Three Major Reasons Sales Objections Come Up

 

 

 

 

 

What are the three underlying factors behind sales objections?

Salespeople face objections that are due to :

1. Skepticism
2. Misunderstanding
3. Stalling

The best way of handling objections is to be a knowledgeable, interested salesperson whose mission is to help the prospect achieve his objectives. Remember that the word “sales” is derived from the Norweigen word “selje” which literally means to serve.  So, if you keep it in mind that you are there to serve the prospect you’ll be well on the way to responding appropriately.

Remember to stay positive and respect the prospect’s objections  as legitimate concerns. The Agreement Frame mentioned in an earlier post will help you react to objections as legitimate.

I’ll discuss the first group of objections today and the other groups in a later post

Skepticism

If the prospect seems skeptical about your presentation, your product / services or your ability to deliver, it could come from one of the following situations:

Promising too much. If you promise too much or trivialize the uniqueness of the prospect’s situation you run the risk of being unbelievable.

Failing to establish rapport. You must listen and respond effectively. Concentrate on being interested in them and not on trying to be interesting to them. There’s a vast difference. You can get away with all sorts of mistakes if you are interested. Learn to listen and respond effectively.

Not asking the right questions. Know enough about the prospect’s needs to be able to ask probing questions. Asking good questions is just as important as giving good answers.

Not fully answering questions. The prospect’s questions are real; do not think that they are ‘dumb questions’, and do not avoid a question because you think it is trivial. By not answering all questions, the prospect could think you are trying to conceal something.

Becoming defensive. If you appear to be defensive to an objection, you might antagonise the prospect. Always be open-minded, responsive and reply enthusiastically, not defensively.

Not Client-Centered. If you speak in general terms and do not address the specifics of the prospect’s objection, you have not given him the answer he is looking for.

Being hasty. If you rush through your presentation or do not give enough consideration to the prospect’s concerns, you could make the prospect feel uneasy. Never linger on any one point, but do not give any quick answers either.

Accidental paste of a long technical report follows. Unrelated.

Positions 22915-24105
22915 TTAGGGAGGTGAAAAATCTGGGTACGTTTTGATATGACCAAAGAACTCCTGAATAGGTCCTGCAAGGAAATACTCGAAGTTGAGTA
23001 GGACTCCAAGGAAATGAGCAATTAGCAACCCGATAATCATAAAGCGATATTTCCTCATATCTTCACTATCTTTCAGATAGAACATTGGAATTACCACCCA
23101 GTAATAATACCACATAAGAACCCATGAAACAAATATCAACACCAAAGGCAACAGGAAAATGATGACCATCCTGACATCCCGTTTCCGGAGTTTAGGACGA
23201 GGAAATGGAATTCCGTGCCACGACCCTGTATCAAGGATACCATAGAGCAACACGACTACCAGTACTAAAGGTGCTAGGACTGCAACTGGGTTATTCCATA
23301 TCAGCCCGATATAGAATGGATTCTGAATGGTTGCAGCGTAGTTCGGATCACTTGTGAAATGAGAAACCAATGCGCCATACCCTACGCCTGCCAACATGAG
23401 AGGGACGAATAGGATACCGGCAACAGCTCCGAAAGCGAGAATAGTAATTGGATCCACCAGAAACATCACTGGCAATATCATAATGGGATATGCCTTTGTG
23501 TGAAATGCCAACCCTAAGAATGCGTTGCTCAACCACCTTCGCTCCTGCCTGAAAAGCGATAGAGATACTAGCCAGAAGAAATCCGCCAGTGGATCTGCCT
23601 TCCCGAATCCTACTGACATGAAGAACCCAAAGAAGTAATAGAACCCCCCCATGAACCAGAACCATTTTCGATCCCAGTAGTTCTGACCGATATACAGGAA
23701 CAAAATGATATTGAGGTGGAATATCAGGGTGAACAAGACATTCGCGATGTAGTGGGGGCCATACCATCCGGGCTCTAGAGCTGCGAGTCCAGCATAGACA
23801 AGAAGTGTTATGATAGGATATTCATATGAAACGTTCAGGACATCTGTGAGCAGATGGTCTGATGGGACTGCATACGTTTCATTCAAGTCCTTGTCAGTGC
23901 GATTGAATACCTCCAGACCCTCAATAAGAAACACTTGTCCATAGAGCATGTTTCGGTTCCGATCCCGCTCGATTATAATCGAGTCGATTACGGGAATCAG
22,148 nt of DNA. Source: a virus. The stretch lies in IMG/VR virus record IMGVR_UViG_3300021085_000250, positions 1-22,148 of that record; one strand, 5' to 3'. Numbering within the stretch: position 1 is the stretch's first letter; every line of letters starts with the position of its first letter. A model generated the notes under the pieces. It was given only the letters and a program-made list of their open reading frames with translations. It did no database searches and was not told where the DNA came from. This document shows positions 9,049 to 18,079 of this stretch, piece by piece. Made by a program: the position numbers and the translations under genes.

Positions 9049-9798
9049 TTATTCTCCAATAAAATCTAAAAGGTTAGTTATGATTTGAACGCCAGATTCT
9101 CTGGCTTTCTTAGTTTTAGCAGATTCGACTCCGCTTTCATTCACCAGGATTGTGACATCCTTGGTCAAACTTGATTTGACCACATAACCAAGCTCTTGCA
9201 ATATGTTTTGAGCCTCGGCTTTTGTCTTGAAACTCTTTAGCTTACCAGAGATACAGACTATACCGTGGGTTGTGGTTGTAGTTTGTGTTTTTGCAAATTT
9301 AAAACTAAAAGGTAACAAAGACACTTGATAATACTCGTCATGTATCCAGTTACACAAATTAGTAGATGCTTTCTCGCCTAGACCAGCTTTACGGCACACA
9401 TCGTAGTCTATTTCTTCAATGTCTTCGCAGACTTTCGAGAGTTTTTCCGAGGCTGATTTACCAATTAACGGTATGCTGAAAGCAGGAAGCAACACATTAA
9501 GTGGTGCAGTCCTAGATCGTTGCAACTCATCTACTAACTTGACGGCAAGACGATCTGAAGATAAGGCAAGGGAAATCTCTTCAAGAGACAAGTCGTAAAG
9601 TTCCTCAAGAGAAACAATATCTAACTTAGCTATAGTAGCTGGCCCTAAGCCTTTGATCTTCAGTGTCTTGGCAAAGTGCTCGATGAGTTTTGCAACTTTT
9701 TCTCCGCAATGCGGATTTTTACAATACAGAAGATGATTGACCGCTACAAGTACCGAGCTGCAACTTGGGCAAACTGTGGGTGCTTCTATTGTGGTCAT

Avoid these mistakes and you’ll avoid skepticism.

 

Here is a list of articles you might like to take a look at:

 

  • 10 things to expect from your logo designer – Choosing the right designer is vital. Anyone can design a logo, but not everyone can design the right logo. This article details 10 things to expect from a logo designer, helping you make the right decision. 1. A strong portfolio …

  • are salespeople worth the money they get paid? – this is a question that is often asked when i speak to managers looking to recruit. it is often uttered by operational staff and managing directors who resent paying salespeople their relatively high market rates. …

 

 

 


 

 

 

 

Handling Price Objections and the Real Reasons We Get Them

This is an interesting article on handling price objections.

Given that this is probably the most often raised sales objection it could be wise to read everything you can on the topic.

The info is quite basic but remember it’s important to keep the basics in mind with any skill.

Happy reading, Greg


Handling price objections and closing more sales by overcoming this common objection with techniques developed by a working sales manager for professional sellers.

Posted via email from aussiesalesguy’s posterous

Use “CPR” on prospect objections

This is an interesting read about handling sales objections.

It relates specifically to the insurance industry but a lot of what is covered is relevant to all other sorts of sales scenarios as well.

Hope you take the time to have a look.

Greg


Many insurance sales professionals fear, or worse—hate—handling objections. What you tell yourself at the moment you field an objection is critical. Is it something negative: “This is the part of the job I really hate,” or “Oh no! …

Posted via email from aussiesalesguy’s posterous